No problem man. Fyi the split layer is basically pointless unless you need to rebuild texture. It does produce very clean textures and sometimes I can use an extraction for an area I'm rebuilding. The healing brush really isn't that great. I hated it in photoshop 7 because ram and processor power were an issue then. I hate it now because it's more disruptive. The clone tool is ok for tiny stuff because I can use lighten/darken modes and work really small if it's something that I wish to completely obliterate (usually acne and tiny hairs).

I'd say get the eyes, hair, contrast and lighting the way you like them right away. With the dodge /burn layers set snapshots as you go. Be critical of if something starts to look overdone. There are plenty of overdone ads and magazine covers out today, but that doesn't mean you should strive for this. Her forehead looks a bit lacking in texture or shape in the pre dodge and burn version. Was this the effect of the cloning/healing brush or is she just wearing heavy makeup? It could be a camera thing with bad red channel detail too.
this is original. not much texture there on forehead i would say. i think i did very little healing on forehead to be left for d&b.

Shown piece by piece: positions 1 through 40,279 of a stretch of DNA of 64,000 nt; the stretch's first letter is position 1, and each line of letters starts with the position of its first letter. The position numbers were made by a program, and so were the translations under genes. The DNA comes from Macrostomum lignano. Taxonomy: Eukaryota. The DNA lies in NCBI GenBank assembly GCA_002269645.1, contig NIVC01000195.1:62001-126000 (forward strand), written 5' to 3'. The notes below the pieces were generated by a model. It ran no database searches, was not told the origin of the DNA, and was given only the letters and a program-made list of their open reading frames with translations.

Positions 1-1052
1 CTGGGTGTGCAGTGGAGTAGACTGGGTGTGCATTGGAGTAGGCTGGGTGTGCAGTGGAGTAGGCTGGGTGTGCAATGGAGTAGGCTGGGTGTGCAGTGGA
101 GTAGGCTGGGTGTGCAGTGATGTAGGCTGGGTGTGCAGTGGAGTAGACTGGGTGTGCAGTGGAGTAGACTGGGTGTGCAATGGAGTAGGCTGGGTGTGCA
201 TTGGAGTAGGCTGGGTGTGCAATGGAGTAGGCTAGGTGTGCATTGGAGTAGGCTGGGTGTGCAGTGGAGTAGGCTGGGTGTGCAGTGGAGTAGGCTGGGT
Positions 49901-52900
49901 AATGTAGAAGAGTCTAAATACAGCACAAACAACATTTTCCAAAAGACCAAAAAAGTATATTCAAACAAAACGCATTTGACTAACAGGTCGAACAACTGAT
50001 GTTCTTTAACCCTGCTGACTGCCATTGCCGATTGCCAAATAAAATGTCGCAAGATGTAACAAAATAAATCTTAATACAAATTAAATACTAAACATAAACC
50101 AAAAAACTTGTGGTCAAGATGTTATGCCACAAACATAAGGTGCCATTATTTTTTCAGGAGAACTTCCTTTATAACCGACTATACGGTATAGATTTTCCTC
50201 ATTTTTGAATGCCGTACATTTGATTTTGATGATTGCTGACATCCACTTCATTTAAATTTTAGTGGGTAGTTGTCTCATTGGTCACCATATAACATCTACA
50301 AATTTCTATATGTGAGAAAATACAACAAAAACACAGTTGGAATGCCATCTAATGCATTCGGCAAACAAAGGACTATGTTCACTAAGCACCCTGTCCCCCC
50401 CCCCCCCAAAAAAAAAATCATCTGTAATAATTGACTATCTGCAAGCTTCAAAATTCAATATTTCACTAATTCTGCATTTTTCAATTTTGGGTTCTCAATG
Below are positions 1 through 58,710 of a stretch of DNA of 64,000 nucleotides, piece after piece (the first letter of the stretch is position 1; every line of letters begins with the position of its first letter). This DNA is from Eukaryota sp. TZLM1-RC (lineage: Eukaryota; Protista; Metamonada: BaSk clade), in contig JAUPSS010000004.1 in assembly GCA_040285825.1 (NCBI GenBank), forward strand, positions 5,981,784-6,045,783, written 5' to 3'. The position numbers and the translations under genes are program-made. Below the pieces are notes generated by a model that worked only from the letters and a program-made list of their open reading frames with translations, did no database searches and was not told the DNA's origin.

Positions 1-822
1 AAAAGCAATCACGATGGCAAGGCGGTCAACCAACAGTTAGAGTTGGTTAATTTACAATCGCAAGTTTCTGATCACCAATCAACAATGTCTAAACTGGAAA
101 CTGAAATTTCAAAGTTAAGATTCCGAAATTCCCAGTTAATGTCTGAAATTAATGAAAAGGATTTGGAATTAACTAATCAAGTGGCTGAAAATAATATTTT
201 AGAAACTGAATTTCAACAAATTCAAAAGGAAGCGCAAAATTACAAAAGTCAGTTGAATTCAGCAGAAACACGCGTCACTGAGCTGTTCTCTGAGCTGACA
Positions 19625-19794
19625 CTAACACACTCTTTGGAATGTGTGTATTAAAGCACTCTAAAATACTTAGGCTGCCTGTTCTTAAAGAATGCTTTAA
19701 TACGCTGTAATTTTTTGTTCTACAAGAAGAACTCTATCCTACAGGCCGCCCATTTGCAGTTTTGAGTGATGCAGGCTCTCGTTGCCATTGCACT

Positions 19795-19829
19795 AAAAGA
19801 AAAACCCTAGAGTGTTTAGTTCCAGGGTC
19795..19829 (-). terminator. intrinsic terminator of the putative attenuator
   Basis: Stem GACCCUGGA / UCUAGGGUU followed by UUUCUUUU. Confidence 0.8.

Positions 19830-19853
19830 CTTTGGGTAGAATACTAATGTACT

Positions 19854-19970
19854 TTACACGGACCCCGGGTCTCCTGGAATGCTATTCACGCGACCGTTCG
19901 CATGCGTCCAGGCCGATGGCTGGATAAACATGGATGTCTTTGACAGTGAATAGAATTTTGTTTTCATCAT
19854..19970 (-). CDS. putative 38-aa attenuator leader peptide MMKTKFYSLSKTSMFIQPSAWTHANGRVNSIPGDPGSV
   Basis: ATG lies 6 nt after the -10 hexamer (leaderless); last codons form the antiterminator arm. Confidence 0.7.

http://s1119.photobucket.com/albums/...92835196-1.jpg
see what you think of the image.
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  #18  
Old 08-05-2011, 07:13 PM
women'sdesk women'sdesk is offline
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Re: Does this retouching looks unnatural?

You're welcome Nebulaoperator, I'm taking that image down now that you've seen it. Good luck with your work! xo
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  #19  
Old 08-05-2011, 07:16 PM
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nebulaoperator nebulaoperator is offline
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Re: Does this retouching looks unnatural?

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Originally Posted by women'sdesk View Post
You're welcome Nebulaoperator, I'm taking that image down now that you've seen it. Good luck with your work! xo
Thank you for input . I really appreciate it.